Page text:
There are a lot of Things We don’t know about monkeys

Curious baby monkeys in Lopburi, Thailand.

Curious baby monkeys in Lopburi, Thailand. (Photo: jeep2499 /Shutterstock)

Considering they’re one of our closest cousins, you’d think we humans would know a thing or two about monkeys. However, there’s a surprising number of misconceptions and myths that continue to circulate about these clever primates.

As we usher in the Chinese New Year and celebrate the Year of the Monkey, let’s all take a moment to brush up on these 11 eye-opening facts about these fascinating creatures.

1. Apes and lemurs are not monkeys

A chimpanzee, a Javan lutung and a ring-tailed lemur.

A chimpanzee, a Javan lutung and a ring-tailed lemur. (Photo: Kjersti Joergensen/Marek Velechovsky/Eric Gevaert/Shutterstock)

The term “monkey” is sometimes used as a catch-all for every animal in the primate family, but the truth is that monkeys live on completely different branches of the evolutionary tree from both apes (i.e. chimpanzees, gorillas and humans) and prosimians (i.e. lemurs, tarsiers and lorises). If you’re not sure if you’re looking at a monkey or an ape, keep an eye out for these telltale traits.

2. Human industry threatens many of the world’s monkeys

Gray-shanked douc langurs are one of the world's most critically endangered primates.

Gray-shanked douc langurs are one of the world’s most critically endangered primates. (Photo: grass-lifeisgood/Shutterstock)

Some of the most fascinating monkey species are experiencing rapid declines in population due to a variety of factors based on their unique location. These factors include everything from habitat loss and fragmentation, live capture for the global pet trade, and hunting for bushmeat or traditional medicines.

Just a few of the monkeys that are on theIUCN’s list of the 25 most endangered primatesyear after year include the grey-shanked douc langur (pictured above), the Tonkin snub-nosed monkey, the Delacour’s langur and the golden-headed langur.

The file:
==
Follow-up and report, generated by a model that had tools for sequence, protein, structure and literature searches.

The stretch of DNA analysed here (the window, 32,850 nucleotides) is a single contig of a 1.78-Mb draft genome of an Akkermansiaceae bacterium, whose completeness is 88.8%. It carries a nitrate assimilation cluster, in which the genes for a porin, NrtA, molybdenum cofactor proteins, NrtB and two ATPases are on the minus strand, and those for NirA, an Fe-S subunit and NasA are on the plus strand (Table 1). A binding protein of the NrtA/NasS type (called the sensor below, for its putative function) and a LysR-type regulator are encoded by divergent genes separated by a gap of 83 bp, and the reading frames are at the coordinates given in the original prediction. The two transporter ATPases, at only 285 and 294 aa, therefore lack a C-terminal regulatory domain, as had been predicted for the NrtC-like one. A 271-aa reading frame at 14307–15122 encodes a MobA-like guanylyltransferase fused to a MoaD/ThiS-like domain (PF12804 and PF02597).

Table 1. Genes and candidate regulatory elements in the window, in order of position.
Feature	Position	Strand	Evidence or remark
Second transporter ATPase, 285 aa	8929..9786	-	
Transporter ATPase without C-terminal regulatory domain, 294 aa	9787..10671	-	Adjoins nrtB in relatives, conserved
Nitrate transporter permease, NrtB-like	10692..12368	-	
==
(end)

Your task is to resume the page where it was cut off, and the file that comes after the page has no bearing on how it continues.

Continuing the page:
3. There’s only one free-living species of wild monkey in Europe

A barbary macaque rests on a ledge in the British Overseas Territory of Gibraltar.

A barbary macaque rests on a ledge in the British Overseas Territory of Gibraltar. (Photo: Anilah/Shutterstock)

Nearly all of the Earth’s wild monkeys are confined to just four parts of the world: New World species are found in South and Central America, while Old World species are found in Asia and Africa. There is one exception, though — the thriving population of wild Barbary macaques that roam free in the Iberian island of Gibraltar. DNA analysis shows that these macaques, which have been in Gibraltar for many centuries, originated from Northern Africa.

Although these Barbary macaques are the only wild monkeys currently living in Europe, it’s important to note that it wasn’t always that way. Prior to the Ice Age, macaques could be found as far north as Germany and the British Isles.

4. Pygmy marmosets are the world’s smallest monkeys

Pygmy marmosets are not just tiny — they're downright adorable!

Pygmy marmosets are not just tiny — they’re downright adorable! (Photo: bluedogroom/Shutterstock)

Native to the Amazon Basin of South America, this tiny New World monkey weighs in at about 3.5 ounces upon reaching adulthood. Although the pygmy marmoset is the tiniest monkey, the award for the smallest primate goes to the Madame Berthe’s mouse lemur.

TO BE CONTINUED ON:

 

http://www.mnn.com/earth-matters/animals/blogs/11-things-you-didnt-know-about-monkeys

If you wish you can Leave a Reply. We will publish it after moderation. Insults and Spam are automatically deleted. Thank you for visiting my blog today.

Fill in your details below or click an icon to log in:

WordPress.com Logo

You are commenting using your WordPress.com account. Log Out / Change )

Twitter picture

You are commenting using your Twitter account. Log Out / Change )

Facebook photo

You are commenting using your Facebook account. Log Out / Change )

Google+ photo

You are commenting using your Google+ account. Log Out / Change )

Connecting to %s

%d bloggers like this: